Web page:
in lower fuel consumption. However, once that point has been passed, further
increases in EGR result in poor combustion behaviour, so increasing emissions of
hydrocarbons (HC) and Specific Fuel Consumption. About 40 per cent EGR appears
to be the current practical maximum in spark ignition engines.
In addition to reducing pumping losses, EGR can be
used to reduce the fuel enrichment otherwise needed at high loads. This is
especially relevant in current downsized turbocharged engines that spend more
time at high loads than conventionally-sized engines.
In highly stressed turbo engines, fuel enrichment
is traditionally used to cool the combustion process and avoid detonation.
Recirculation of cooled exhaust gas can be used to perform the same function,
with a consequent improvement in high load fuel economy. The reduced fuel
consumption also serves to decrease HC and CO2 emissions.
UK researchers working for the engine component
manufacturer Mahle conducted testing on a 2-litre, 4-valves-per-cylinder, direct
injected, turbocharged and intercooled petrol engine. The EGR system was of the
external type and used a cooler that reduced exhaust gas temp to just 20 degrees
C. The system added the cooled exhaust gas well ahead of the turbo compressor
(note: so apparently not after the throttle body).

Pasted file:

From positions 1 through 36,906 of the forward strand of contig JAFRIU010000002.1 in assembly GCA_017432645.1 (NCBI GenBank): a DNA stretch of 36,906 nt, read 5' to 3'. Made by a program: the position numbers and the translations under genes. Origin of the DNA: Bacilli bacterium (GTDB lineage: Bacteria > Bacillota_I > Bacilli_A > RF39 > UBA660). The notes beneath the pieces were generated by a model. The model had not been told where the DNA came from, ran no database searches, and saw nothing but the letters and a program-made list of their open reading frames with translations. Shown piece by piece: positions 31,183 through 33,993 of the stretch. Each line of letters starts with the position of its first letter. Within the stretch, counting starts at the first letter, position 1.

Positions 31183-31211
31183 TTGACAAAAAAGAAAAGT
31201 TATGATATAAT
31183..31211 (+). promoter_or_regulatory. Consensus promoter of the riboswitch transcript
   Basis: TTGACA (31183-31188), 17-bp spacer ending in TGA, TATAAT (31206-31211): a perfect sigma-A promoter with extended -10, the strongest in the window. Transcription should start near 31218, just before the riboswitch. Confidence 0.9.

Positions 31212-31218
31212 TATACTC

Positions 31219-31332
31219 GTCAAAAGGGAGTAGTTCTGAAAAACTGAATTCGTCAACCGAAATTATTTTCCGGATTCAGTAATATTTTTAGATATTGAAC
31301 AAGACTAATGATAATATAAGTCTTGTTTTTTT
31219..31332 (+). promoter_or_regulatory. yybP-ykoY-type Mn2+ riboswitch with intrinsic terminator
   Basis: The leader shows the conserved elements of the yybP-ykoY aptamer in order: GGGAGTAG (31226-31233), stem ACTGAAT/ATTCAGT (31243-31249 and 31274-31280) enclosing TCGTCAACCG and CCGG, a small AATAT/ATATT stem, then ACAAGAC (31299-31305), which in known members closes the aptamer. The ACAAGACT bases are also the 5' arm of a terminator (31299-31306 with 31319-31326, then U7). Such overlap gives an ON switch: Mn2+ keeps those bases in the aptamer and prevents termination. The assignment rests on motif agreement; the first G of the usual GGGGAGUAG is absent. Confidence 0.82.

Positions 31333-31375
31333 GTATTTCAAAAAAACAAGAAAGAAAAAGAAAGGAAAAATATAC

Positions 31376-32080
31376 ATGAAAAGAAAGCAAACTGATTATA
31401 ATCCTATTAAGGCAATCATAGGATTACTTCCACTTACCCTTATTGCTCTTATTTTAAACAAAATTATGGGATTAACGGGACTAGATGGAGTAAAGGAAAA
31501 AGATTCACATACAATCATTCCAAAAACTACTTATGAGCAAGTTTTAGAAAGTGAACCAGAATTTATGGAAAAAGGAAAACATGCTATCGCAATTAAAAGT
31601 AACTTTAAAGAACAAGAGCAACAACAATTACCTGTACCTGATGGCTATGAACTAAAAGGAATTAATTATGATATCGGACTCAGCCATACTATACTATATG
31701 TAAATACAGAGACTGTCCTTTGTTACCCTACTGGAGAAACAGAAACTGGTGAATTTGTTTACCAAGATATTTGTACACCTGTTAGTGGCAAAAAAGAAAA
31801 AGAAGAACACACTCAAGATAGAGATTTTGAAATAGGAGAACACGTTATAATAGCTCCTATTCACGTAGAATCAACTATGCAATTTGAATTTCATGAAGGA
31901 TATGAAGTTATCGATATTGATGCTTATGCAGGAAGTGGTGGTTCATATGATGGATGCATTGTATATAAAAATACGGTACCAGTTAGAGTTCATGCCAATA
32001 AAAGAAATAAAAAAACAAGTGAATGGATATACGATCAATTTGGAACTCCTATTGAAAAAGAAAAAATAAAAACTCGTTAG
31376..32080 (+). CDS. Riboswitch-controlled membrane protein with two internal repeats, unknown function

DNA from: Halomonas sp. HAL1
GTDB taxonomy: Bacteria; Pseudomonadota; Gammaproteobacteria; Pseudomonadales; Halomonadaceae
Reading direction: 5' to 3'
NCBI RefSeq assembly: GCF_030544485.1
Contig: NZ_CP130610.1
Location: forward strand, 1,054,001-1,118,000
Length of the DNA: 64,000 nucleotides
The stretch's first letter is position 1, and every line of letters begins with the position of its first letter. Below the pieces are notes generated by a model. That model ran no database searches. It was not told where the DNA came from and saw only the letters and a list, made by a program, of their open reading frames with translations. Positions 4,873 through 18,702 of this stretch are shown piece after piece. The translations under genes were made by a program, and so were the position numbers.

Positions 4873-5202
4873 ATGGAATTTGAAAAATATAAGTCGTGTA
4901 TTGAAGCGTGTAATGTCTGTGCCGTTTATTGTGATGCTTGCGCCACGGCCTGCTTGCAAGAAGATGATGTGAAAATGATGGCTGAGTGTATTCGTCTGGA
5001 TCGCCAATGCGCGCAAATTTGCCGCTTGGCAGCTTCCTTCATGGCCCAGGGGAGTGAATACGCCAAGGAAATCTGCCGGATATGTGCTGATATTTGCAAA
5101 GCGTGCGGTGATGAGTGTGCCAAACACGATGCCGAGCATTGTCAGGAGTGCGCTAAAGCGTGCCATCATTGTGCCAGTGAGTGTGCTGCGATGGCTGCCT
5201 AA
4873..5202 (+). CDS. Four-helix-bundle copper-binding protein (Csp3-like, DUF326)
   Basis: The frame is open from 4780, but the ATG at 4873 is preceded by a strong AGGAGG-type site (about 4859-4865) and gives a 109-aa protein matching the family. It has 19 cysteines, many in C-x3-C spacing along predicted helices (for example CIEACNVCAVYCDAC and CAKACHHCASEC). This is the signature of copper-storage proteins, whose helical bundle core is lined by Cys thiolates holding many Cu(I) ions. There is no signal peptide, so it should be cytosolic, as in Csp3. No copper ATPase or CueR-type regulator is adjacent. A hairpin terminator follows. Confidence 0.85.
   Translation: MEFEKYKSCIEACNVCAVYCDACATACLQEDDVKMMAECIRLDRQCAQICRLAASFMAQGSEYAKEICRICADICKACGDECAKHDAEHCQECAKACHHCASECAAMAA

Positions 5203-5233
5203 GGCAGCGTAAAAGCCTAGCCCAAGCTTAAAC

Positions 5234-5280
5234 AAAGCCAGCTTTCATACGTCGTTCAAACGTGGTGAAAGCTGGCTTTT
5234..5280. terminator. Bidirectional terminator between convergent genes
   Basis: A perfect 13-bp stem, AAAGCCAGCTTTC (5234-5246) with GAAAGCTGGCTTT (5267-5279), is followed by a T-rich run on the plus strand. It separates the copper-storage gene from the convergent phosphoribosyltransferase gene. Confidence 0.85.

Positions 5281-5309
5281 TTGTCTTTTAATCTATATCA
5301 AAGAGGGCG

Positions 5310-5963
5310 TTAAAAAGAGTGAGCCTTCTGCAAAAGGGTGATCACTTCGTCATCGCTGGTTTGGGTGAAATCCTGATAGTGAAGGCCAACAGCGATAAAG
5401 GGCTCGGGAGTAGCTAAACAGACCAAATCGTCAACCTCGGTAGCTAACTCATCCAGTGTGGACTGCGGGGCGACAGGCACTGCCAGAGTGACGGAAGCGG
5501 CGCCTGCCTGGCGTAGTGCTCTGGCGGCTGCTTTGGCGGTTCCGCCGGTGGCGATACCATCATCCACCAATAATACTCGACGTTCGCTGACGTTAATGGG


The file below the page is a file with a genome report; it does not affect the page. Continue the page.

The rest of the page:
When running at high power outputs, the engine
used a modest amount of fuel enrichment and a large amount of cooled EGR to
achieve Specific Fuel Consumption up to 16 per cent better than with fuel
enrichment alone. Under the same operating conditions, the reduction in NOx was
about 30 per cent, the reduction in CO was 70 per cent, and HC was 80 per cent.
The authors also state that “an additional benefit
of the cooled EGR technique may be that higher geometric compression ratios can
be tolerated in boosted downsized engines...”.
Incidentally, in other Mahle literature, it is
suggested that on a 140kW engine using 15 per cent EGR and with an exhaust
temperature of 980 degrees C, an EGR cooler rated at 24kW is required.
Another point is that other literature suggests
that either hot or cold EGR reduces exhaust gas temperatures, important in
highly stressed turbocharged engines.
Finally, implicit in any discussion of using EGR
for improving fuel economy is that leaner air/fuel ratios can be used (often in
conjunction with a NOx adsorbing cat converter) without exceeding legislated NOx
EGR has a long-proven history in reducing NOx
emissions. Lean air/fuel ratios are associated with heightened NOx outputs and
so reducing this specific emission is a current priority in engine development.
Reductions in combustion temperature and pumping
losses can be achieved using EGR (and especially cooled EGR), reducing the need
for fuel enrichment at high loads in turbocharged engines and improving
part-load fuel economy.
As a relatively simple and low cost technology,
expect both internal and cooled external EGR systems to be very widely used on
both diesel and petrol engines.
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Part and Full Load Fuel Economy in a Turbocharged Gasoline Engine, SAE
(2000) Insight Service Manual